Nipping Pet Stress in the Bud


Nipping Pet Stress in the Bud

Stress is a huge issue for human beings the world over, but did you know that dogs and cats can also struggle against this condition on a daily basis? Chronic stress can affect canine health in many ways, with one study indicating that in dogs, fear and anxiety disorders lead to more frequent and more severe disease, as well as a shortened lifespan. In this post we look into common triggers of stress and suggest ways to instill greater calm in your pet. We also look at ways to introduce a new or recently adopted pet to those you might already have at home.

Stress Triggers in Cats and Dogs

Despite being so vastly different, dogs and cats react very similarly to the same stress triggers, which include introducing a new pet or person into the home, moving to a new place of residence, changes in your daily routine, loud noises such as fireworks or thunder, separation from human family members, and punitive training methods (including shock collars in the case of dogs, hitting, and shouting). 

Signs of Stress

Stressed dogs may behave in subtle ways that owners should watch out for. These include pulling their ears back, having a reduced appetite, licking their lips, and yawning. More severe signs can include digestive upset, tucking their tail in, hiding, trembling, and whining. Separation anxiety is just one of many types of stress your dog can feel. In this case, they may display additional behaviors such as gnawing on wooden furniture, howling and barking, and having “little accidents” in the home. Separation anxiety is different from general stress and will require desensitization therapy. If suspected, see your veterinarian to ensure that symptoms are not related to infections or other physiological conditions.

In cats, signs of stress include urinating outside the litter box, having tummy upset and other digestive issues, grooming excessively, hiding away excessively, eating less, sleeping for increasingly longer hours, activity changes, and excessive vocalization.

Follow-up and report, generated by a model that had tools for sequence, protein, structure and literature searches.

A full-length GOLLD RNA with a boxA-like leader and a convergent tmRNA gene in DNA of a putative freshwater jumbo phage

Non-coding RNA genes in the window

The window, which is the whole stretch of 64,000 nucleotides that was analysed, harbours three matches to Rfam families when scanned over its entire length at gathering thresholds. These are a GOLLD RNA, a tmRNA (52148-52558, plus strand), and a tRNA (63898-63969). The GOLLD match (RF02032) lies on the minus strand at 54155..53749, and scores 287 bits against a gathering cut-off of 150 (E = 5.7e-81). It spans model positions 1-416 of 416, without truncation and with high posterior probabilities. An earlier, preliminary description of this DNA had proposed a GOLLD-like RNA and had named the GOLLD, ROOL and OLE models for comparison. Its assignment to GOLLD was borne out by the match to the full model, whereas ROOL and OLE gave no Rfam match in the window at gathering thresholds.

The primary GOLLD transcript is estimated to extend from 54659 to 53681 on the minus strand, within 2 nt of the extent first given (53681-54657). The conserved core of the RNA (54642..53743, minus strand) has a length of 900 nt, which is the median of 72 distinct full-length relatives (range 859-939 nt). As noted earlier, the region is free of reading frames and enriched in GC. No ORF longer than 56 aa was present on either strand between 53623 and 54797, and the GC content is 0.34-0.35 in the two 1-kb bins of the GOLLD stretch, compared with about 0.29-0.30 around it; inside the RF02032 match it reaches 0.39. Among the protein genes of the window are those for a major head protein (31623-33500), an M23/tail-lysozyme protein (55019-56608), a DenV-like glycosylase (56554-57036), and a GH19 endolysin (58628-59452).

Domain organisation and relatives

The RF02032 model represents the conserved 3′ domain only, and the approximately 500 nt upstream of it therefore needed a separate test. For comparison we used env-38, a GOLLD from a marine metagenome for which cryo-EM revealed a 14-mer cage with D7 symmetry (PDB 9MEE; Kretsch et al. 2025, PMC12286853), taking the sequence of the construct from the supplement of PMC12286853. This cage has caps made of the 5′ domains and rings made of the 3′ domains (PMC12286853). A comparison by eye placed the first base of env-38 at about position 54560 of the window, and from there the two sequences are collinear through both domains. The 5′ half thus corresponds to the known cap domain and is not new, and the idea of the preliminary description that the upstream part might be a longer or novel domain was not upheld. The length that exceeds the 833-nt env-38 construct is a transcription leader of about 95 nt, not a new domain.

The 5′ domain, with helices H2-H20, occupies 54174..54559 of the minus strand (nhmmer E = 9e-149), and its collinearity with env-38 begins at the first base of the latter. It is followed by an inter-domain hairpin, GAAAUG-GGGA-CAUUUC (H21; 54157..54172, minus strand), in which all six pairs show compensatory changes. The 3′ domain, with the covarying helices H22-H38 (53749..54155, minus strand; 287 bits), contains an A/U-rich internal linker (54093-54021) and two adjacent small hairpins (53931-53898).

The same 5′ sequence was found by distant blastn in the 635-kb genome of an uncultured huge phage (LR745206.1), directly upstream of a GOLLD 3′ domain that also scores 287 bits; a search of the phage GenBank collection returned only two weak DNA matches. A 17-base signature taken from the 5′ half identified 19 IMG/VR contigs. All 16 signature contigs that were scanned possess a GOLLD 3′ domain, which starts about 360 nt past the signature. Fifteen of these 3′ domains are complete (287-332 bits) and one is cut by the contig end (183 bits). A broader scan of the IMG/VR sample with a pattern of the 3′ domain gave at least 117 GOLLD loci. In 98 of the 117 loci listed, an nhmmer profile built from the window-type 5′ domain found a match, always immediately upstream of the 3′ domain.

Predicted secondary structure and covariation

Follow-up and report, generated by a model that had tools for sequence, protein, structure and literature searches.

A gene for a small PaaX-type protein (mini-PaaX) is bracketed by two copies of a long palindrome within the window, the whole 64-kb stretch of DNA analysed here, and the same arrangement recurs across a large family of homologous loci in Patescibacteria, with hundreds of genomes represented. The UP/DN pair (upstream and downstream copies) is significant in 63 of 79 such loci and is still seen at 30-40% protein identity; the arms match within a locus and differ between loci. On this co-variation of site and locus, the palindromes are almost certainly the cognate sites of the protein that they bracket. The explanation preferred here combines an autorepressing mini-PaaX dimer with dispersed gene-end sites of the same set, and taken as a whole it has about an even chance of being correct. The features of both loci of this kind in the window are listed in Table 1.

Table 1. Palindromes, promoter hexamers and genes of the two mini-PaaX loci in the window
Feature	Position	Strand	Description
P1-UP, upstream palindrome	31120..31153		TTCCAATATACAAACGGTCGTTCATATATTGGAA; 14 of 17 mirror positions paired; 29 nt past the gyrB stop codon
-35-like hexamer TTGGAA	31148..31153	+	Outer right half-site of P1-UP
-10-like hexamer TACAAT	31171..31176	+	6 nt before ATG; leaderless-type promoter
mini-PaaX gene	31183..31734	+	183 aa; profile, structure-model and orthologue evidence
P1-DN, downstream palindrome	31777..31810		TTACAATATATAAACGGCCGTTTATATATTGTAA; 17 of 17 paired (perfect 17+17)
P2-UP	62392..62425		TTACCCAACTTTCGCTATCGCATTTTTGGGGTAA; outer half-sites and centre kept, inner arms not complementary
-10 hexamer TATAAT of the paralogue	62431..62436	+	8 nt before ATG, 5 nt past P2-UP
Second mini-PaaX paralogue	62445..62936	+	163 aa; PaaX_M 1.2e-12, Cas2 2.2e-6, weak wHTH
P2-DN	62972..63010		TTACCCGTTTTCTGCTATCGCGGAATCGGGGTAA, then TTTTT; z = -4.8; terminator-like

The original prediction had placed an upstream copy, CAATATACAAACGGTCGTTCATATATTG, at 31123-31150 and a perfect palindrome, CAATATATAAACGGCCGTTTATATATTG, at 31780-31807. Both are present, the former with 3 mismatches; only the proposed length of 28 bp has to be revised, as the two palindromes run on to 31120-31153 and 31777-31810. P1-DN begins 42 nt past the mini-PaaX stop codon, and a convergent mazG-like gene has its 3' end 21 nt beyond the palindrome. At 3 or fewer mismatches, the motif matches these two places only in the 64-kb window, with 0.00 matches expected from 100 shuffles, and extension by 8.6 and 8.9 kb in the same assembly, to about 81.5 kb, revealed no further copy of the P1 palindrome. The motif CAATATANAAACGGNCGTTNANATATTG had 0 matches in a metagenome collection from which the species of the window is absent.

Instilling Calm

If you can identify the source of stress in your pets, take steps to eliminate it. For instance, if you are away from the home for many hours and you think this might be a trigger for stress, consider day pet setting or asking a pet walker to take Fido out for a long walk while you are away. When you are with your pet, give him quality time. Play with him, go out for a walk or run (in the case of dogs) and take part in indoor games like hide-and-seek or frisbee catching. Make sure your cat has his own mansion and scratch post; he should definitely have enough room to ‘hide out’ and enjoy some ‘me time’ when necessary.

For issues such as noise, consider a thunder vest for dogs (many owners report that this is a successful aid for anxiety during fireworks season and thunderous days). For cats, try a calming diffuser, which also rates highly on cat forums and which mimics a cat’s pheromones, thus helping them feel safer. If you have a big house, you will need more than one diffuser… ideally, every room should have one.

When introducing new pets into the house, do so slowly. When introducing dogs to each other, try introducing them in neutral territory, such as a park. Keep them on a leash, being wary of aggressive body language such as teeth baring and raised hackles. When introducing dogs to cats, ensure each pet has his own space in the house, to allow them to grow accustomed to each other’s scent gradually. Be realistic and know that not all cats or dogs are sociable and take well to new pets in the home. Once both pets are calm when they see each other, feel free to introduce them. To introduce two cats to each other, keep them separated for a few days until they become accustomed to the other cat’s presence. Let them peak at each other for a few days before allowing them to play. 

Stress can hamper our pet’s lives and even lead to disease, so taking it seriously is key. In addition to trying out the techniques mentioned above, it is also vital to stay calm, so your pets don’t pick up on your own anxiety. Some animals take a little time to warm to each other, others never get along at all so make sure the pet you have is sociable enough to have a fruitful and fulfilling relationship with any new pets you bring into your home.

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